Ocracoke celebration turns tragic|Fireworks explosion stuns Outer Banks community

Published 5:27 am Sunday, July 5, 2009

Lifestyles & Features Editor

The tranquil Outer Banks community of Ocracoke resembled a war zone after fireworks exploded unexpectedly Saturday morning, killing two.
A truck exploded shortly after 9 a.m. in the parking lot of the North Carolina Center for the Advancement of Teaching (NCCAT) campus overlooking Silver Lake harbor. The truck contained fireworks that were to have been the grand finale of the island’s July Fourth celebration.
Five victims — all employees of Melrose South Pyrotechnics, a Catawba, S.C.-based company hired to oversee Ocracoke’s fireworks show — were in or around the truck when the explosion occurred. One victim was pronounced dead at the scene and another died later at the burn unit at N.C. Memorial Hospital in Chapel Hill. The condition of the other three victims was not available at press time. The names of the victims were not being released pending the notification of their families.
The injured were transported by helicopter to hospitals on the mainland, according to Jesse Spencer, a member of the Ocracoke Volunteer Fire Department.
“There were a few little explosions and then just a big explosion,” Spencer said during a telephone interview Saturday afternoon. “We didn’t wait to get paged to go out — we knew something bad had happened.”
Spencer said the truck and a car were on fire when he arrived on the scene, and several “spot fires” were burning in a grassy area near the NCCAT building, formerly the island’s United States Coast Guard Station.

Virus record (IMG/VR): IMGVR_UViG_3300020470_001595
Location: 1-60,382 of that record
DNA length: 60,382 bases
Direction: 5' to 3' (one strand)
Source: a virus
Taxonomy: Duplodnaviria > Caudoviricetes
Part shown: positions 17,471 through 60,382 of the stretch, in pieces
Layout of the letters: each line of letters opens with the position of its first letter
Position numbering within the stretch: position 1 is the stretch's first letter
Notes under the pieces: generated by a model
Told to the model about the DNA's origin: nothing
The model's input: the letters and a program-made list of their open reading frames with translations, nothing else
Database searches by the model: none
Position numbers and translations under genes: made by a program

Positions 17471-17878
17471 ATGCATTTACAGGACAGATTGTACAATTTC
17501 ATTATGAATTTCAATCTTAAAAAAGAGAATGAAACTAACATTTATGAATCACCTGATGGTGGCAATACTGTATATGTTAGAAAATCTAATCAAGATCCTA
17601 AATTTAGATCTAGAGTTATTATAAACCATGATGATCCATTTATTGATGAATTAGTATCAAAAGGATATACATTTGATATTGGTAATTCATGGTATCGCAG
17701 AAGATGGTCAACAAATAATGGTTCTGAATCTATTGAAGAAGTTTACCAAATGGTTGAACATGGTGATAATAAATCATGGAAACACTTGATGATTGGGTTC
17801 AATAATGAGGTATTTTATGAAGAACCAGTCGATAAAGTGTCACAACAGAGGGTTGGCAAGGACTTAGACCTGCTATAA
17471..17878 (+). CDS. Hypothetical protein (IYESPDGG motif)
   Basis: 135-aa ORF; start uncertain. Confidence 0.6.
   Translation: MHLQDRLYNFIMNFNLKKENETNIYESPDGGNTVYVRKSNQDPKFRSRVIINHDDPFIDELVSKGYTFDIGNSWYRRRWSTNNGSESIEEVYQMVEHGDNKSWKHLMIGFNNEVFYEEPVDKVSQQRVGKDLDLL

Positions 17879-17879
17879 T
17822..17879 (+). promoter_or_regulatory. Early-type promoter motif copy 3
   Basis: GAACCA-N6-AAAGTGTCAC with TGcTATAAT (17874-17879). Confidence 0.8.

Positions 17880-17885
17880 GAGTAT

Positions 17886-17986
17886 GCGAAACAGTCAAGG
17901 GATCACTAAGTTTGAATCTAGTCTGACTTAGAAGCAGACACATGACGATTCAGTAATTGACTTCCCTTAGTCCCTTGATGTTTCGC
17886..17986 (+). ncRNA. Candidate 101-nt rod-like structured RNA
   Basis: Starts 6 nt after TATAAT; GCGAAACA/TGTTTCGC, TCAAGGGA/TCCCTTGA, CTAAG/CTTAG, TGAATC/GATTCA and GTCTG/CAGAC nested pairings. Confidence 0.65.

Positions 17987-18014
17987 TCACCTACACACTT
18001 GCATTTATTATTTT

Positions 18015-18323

One of the fire department’s trucks and several volunteers were at the scene at the time of the explosion, Spencer said. They were wetting down the area where the fireworks were to be set up as a precaution.
“All of our fire and rescue personnel and those from the park service were here, and we had a huge turnout of doctors and nurses who were vacationing on the island,” Spencer said. “They were very helpful. Everybody pulled together, everybody took care of business.”
Two local residents, David Warren and Joyce Reynolds, were transported off-island by Dare County EMS after they were overcome at the scene by smoke inhalation and exhaustion, Spencer said. Warren is a paramedic on the island and Reynolds is pastor of Ocracoke United Methodist Church.
According to a news release issued by Jamie Tunnell, Hyde County’s public information officer, emergency personnel from Dare, Pender and Carteret counties joined local responders on the scene. The explosion occurred near the south ferry dock, which serves vessels traveling to Swan Quarter and Cedar Island, and that ferry service was shut down for most of the day Saturday for clean up operations.
Representatives from the Federal Bureau of Investigation, Bureau of Alcohol, Tobacco, Firearms and Explosives and the Explosive Ordinance Disposal Company arrived on the island Saturday afternoon to evaluate the scene, according to Tunnell.
Ocracoke resident Sundae Horn, staff writer for the Washington Daily News weekly publication, The Ocracoker, said the village was rocked by the explosion.
“It rumbled in like thunder, with smaller explosions and then a great big explosion,” she said. “I knew right away it must be the fireworks.”
Horn said she has never experienced anything like Saturday’s tragedy.
“I’ve never been in a war zone, obviously, but I think this must be what it would be like, these big, huge explosions,” she said. “From my house I could see smoke above the trees and then I heard all the sirens. It was really scary.”
Horn attended a press conference held late Saturday at the Ocracoke Community Center, where it was announced the cause for the explosion is unknown and the investigation is continuing.
Meanwhile, the business of celebrating America’s birthday was put on hold. Although the sand sculpture contest on the beach and a sky diving exhibition was held Saturday as planned, it was decided to postpone the parade until today, Horn said.
“It’s been quiet here in the village,” she added. “It’s very much subdued.”